Sma Shot Cottages
Sma Shot Cottages, Paisley is a fully restored and furnished 18th century weavers cottages with photographs, artifacts of local interest and a tearoom. Also featuring a row of mill workers houses from the 1840’s. Out with opening hours visits are by prior arrangement.
the cottage on the left is a typical weaver’s cottage and is one of the only two remaining in Paisley. It was originally built in the 1740′s and its layout exactly matches written descriptions of such cottages as found in histories of the town. Slight alterations were made during the 1800′s in order to increase the size of the back room, thus providing more living space for the weaver and his family.
The cottage has three rooms, two of which were living quarters, the third being a loom shop where the weaver and his family worked.
Back in the 1700′s the cottage was a workshop as well as a home. Over and above looking after her husband, her children and the cottage, the weaver’s wife would spin and use the pirnwheel.
The weaver would have to work very long hours in order to make enough money to support his wife and family.
Short Video Documentary on Sma’ Shot Cottages
11/17 George Place
Tel: 0141 889 1708
Fax: 0141 889 0530
Wed & Sat 1200-1600 Apr-September
Sma Shot Cottages, History
This cottage is the only survivor of the original shuttle street, which was built from 1735 to the early 1750s, and belongs to the world of the hand loom weavers.
It was built for Kerr and Pollock, a cloth manufacturer of Cork, in the early 1750s. The first direct reference to this Cottage is in a sasine of 1776, when it was one of the many properties bought by another Cork, Andrew Brown, after the failure of Kerr and Pollock, probably due to the collapse of the Bank of Ayr, some three years earlier.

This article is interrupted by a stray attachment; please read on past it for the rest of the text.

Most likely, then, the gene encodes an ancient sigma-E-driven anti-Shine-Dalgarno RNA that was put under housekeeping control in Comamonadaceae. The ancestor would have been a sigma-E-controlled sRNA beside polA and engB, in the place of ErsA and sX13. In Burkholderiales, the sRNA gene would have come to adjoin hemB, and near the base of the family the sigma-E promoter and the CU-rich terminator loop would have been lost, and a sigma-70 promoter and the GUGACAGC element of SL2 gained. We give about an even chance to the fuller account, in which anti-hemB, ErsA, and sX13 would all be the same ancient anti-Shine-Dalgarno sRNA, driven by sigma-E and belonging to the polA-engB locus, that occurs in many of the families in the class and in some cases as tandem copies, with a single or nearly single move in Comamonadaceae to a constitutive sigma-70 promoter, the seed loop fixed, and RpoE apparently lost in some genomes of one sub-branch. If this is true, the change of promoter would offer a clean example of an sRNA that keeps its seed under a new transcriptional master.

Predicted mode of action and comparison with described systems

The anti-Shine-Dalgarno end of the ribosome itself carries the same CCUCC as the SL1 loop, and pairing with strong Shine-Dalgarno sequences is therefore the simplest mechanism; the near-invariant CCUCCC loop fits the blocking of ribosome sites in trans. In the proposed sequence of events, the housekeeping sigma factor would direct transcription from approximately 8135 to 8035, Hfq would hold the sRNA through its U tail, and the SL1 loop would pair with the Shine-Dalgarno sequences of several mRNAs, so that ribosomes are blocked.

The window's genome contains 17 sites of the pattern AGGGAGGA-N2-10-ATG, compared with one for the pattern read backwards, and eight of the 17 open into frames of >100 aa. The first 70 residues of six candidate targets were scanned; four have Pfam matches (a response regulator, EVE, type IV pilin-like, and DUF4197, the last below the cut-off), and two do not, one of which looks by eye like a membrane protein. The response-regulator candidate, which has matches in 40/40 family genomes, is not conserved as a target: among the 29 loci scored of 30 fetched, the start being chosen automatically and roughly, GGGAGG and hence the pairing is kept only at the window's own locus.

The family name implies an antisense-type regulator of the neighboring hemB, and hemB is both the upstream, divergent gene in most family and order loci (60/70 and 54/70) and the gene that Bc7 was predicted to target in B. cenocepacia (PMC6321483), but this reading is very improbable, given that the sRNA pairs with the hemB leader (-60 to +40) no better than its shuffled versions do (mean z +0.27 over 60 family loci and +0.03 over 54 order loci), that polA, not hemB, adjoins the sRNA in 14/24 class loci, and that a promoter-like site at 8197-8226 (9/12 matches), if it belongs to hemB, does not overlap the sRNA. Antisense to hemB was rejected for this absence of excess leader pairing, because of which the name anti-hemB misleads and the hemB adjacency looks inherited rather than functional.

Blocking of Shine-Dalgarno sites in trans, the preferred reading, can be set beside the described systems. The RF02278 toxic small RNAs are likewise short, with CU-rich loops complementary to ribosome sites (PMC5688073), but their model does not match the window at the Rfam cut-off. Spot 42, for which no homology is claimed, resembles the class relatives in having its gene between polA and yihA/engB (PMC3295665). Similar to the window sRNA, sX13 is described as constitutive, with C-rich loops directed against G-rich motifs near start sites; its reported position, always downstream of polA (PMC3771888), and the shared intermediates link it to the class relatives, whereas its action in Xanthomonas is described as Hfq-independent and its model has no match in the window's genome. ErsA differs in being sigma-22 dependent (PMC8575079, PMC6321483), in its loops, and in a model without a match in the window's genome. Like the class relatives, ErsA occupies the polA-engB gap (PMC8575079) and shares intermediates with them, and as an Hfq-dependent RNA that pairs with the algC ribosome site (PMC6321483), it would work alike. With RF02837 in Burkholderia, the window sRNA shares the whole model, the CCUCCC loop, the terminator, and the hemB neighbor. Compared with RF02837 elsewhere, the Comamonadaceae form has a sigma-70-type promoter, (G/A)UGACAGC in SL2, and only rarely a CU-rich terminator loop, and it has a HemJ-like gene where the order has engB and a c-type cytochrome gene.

The early history of the Cottage is linked with the Lawson family. David Lawson, and his wife Mary Porter, their son Robert Lawson, with his wife Lydia Lochhead, and Roberts three daughters, and his son Robert junior. David Lawson, journeyman weaver, and master with the incorporation of Old Weavers in Paisley, is the first known tenant, moving here around 1754.
By 10th April 1758 he was in the position to take on an apprentice, John Aird, duly entered by the incorporation. There was no house numbers then, but the occupants of the other cottages on this side are known and the sasine of 1776 names David Lawson and Archibald Munro, Weavers, as the sitting tenants in what is now No. 14 Shuttle Street.
Meanwhile John Aird had been entered journeyman to David Lawson in 1765, and Robert had been apprenticed to his father on 1st November 1774.
In 1797, Robert bought the Cottage from Andrew Brown and Company.he had already bought a property of three steadings including an Inn at the foot of New Street. His parents, David Lawson and Mary Porter continued to live in Shuttle Street with Robert and his wife Lydia.
David Lawson was now described as a school master, his son Robert as a weaver, while his grandson, Robert Junior, made weavers’ reeds, which were on sale at the inn. read more on the Paisley history pages….